Necessary Evils: The Role of Sacrifice in Holidays
In the throes of a stomach bug, I sat down to watch 2016’s Holidays. I know, not the wisest move from someone trying not to puke, but horror fans are a breed unto themselves. I have to be honest: I enjoyed the living hell out of this film. I liked that it didn’t bother us with a cutesy frame story – instead, we got cards to mark the occasion after each entry. It really was a bit like cracking open a book and reading up on the dark side of what we normally perceive to be a joyous occasion. Most interesting out of this for me was the running theme throughout each vignette. You see, each holiday had something associated with it, whether it seemed like it or not. I’m talking about the concept of sacrifice, and the necessity of either bodily giving something up or relinquishing mental faculties in order to complete the holiday cycle.
First, let’s look at what each of the eight segments wants us to give up, one by one, with accompanying results:
- Valentine’s Day – The troubled, viciously bullied Maxine (Madeleine Coghlan) performs the literal sacrifice of the heart of her brutal tormentor to demonstrate the affection she feels toward her coach, on whom she has a crush.
- St. Patrick’s Day – Elizabeth (Ruth Bradley) must let go of the happy news that she is pregnant and accept the fact that she is about to birth a snake, choosing to see the beauty in her child rather than the horror of, well, a giant snake coming out of her vagina.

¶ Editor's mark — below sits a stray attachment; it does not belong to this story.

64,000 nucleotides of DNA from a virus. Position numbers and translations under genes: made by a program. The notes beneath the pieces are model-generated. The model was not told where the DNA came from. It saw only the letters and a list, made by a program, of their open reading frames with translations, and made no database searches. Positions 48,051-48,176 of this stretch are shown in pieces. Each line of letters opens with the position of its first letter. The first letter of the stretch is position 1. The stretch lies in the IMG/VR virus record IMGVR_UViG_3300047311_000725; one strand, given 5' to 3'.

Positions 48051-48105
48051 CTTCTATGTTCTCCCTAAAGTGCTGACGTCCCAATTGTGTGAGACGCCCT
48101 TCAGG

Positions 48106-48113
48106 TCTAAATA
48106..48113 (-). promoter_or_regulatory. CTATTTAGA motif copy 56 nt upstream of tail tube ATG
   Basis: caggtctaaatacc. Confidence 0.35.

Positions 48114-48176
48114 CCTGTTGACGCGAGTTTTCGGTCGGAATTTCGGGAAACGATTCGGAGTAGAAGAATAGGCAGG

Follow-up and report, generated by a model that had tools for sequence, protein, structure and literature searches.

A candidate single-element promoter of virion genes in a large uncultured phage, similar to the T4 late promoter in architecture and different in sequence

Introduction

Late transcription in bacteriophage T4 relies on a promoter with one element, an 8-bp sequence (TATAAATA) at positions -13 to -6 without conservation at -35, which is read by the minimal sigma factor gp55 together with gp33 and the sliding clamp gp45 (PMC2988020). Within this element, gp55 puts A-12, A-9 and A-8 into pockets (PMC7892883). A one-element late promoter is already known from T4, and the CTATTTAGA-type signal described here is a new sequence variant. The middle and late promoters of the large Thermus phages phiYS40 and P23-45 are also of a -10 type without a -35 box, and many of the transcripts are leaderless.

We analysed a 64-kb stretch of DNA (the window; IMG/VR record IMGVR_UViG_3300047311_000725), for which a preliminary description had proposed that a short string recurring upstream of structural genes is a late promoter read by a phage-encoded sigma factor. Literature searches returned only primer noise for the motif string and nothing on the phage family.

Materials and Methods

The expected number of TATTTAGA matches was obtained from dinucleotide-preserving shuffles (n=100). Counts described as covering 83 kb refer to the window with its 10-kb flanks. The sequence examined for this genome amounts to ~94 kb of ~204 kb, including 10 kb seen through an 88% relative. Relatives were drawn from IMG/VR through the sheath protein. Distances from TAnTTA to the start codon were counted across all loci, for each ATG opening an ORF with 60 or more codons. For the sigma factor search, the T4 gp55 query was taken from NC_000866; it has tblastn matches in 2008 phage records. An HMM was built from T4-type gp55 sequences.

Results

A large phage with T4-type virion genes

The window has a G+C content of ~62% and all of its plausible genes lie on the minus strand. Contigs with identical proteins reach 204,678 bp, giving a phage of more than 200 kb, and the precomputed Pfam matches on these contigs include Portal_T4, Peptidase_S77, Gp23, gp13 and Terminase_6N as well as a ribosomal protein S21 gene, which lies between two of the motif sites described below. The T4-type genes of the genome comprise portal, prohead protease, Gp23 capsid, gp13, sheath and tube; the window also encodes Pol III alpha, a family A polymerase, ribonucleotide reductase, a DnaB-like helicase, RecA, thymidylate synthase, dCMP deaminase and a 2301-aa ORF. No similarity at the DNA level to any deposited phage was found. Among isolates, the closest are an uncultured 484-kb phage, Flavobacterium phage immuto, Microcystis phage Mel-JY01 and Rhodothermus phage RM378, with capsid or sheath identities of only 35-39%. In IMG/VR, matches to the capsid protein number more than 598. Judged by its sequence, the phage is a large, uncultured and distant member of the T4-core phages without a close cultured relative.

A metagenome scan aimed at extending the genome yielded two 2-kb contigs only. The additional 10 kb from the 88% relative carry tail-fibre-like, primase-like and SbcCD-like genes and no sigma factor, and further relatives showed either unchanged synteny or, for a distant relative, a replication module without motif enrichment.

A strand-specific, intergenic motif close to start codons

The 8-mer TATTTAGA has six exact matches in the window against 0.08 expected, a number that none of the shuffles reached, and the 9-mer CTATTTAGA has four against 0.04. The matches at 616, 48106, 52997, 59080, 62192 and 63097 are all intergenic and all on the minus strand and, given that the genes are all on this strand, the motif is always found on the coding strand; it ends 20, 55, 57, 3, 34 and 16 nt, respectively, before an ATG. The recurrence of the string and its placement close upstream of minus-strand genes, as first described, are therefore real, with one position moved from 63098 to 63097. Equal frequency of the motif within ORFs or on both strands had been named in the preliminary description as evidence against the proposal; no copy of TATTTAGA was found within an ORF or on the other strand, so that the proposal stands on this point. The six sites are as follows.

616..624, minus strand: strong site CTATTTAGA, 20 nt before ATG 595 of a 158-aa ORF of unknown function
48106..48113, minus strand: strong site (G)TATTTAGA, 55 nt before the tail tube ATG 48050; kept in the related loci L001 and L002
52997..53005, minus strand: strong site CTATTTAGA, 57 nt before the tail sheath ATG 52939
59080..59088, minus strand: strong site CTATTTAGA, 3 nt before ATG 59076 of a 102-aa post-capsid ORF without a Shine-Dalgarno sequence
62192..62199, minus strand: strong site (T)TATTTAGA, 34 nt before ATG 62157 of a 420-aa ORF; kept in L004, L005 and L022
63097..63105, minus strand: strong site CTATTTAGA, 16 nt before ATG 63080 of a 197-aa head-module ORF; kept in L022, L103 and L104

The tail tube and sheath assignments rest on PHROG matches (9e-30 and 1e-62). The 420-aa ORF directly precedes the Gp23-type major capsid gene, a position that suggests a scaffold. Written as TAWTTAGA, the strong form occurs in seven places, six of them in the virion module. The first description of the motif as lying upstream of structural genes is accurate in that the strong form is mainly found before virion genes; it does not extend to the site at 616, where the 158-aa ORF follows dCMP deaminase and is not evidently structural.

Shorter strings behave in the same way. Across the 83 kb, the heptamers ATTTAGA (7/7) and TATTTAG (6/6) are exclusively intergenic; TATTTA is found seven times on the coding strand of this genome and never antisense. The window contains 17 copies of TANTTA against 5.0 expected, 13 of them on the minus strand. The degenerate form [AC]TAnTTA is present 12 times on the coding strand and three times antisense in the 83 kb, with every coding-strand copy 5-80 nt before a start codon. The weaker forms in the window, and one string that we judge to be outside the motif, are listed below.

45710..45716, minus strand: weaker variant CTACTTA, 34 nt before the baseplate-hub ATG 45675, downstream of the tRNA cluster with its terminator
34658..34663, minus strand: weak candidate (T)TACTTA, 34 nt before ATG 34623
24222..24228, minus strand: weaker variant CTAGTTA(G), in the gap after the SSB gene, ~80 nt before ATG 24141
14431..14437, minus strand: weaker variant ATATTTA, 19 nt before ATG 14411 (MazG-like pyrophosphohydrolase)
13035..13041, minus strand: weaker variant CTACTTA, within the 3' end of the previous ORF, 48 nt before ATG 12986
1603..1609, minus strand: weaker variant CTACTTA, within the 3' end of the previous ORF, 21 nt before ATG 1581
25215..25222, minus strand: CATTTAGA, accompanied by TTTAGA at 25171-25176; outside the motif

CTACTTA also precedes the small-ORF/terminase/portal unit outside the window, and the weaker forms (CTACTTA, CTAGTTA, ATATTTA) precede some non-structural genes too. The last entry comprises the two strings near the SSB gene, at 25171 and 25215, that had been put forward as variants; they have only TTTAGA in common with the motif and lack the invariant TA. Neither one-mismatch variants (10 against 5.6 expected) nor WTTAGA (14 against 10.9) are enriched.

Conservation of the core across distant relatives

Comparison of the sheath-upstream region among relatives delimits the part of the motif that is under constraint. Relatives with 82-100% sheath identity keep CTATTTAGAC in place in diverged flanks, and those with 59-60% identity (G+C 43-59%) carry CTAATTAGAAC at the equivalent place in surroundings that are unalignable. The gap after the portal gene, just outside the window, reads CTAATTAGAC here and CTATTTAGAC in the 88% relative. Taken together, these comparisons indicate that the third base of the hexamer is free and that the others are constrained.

- Easter – An unnamed girl (Ava Acres) undergoes a physical transformation in order to take up the mantle of the Easter Bunny, a role that requires her to take on the appearance of a crucified man with the face of a bunny, all while giving up the ability to see her mother again.
- Mother’s Day – Kate (Sophie Traub) gets pregnant every time she has sex and seeks relief for her condition at a spiritual gathering, then must give up her sense of autonomy when the women decide to “help” her carry to term.
- Father’s Day – Carol (Jocelin Donahue) abandons her long-held beliefs concerning her father’s death in order to seek him out, as well as her physical safety while in the pursuit of him.
- Halloween – Ian (Harley Morenstein) has to give up his penis in order to satisfy the demands of the young women he controlled and abused.
- Christmas – Pete (Seth Green) must let go of his sense of mental calm when he both contributes to a man’s death and finds out that he’s married to a murderer.
- New Year’s Eve – Reggie (Andrew Bowen) loses his life (and sense of pride) in a bid for supremacy with the homicidal Jean (Lorenza Izzo, who, for the record, I love), paving the way for her to go on as a serial killer.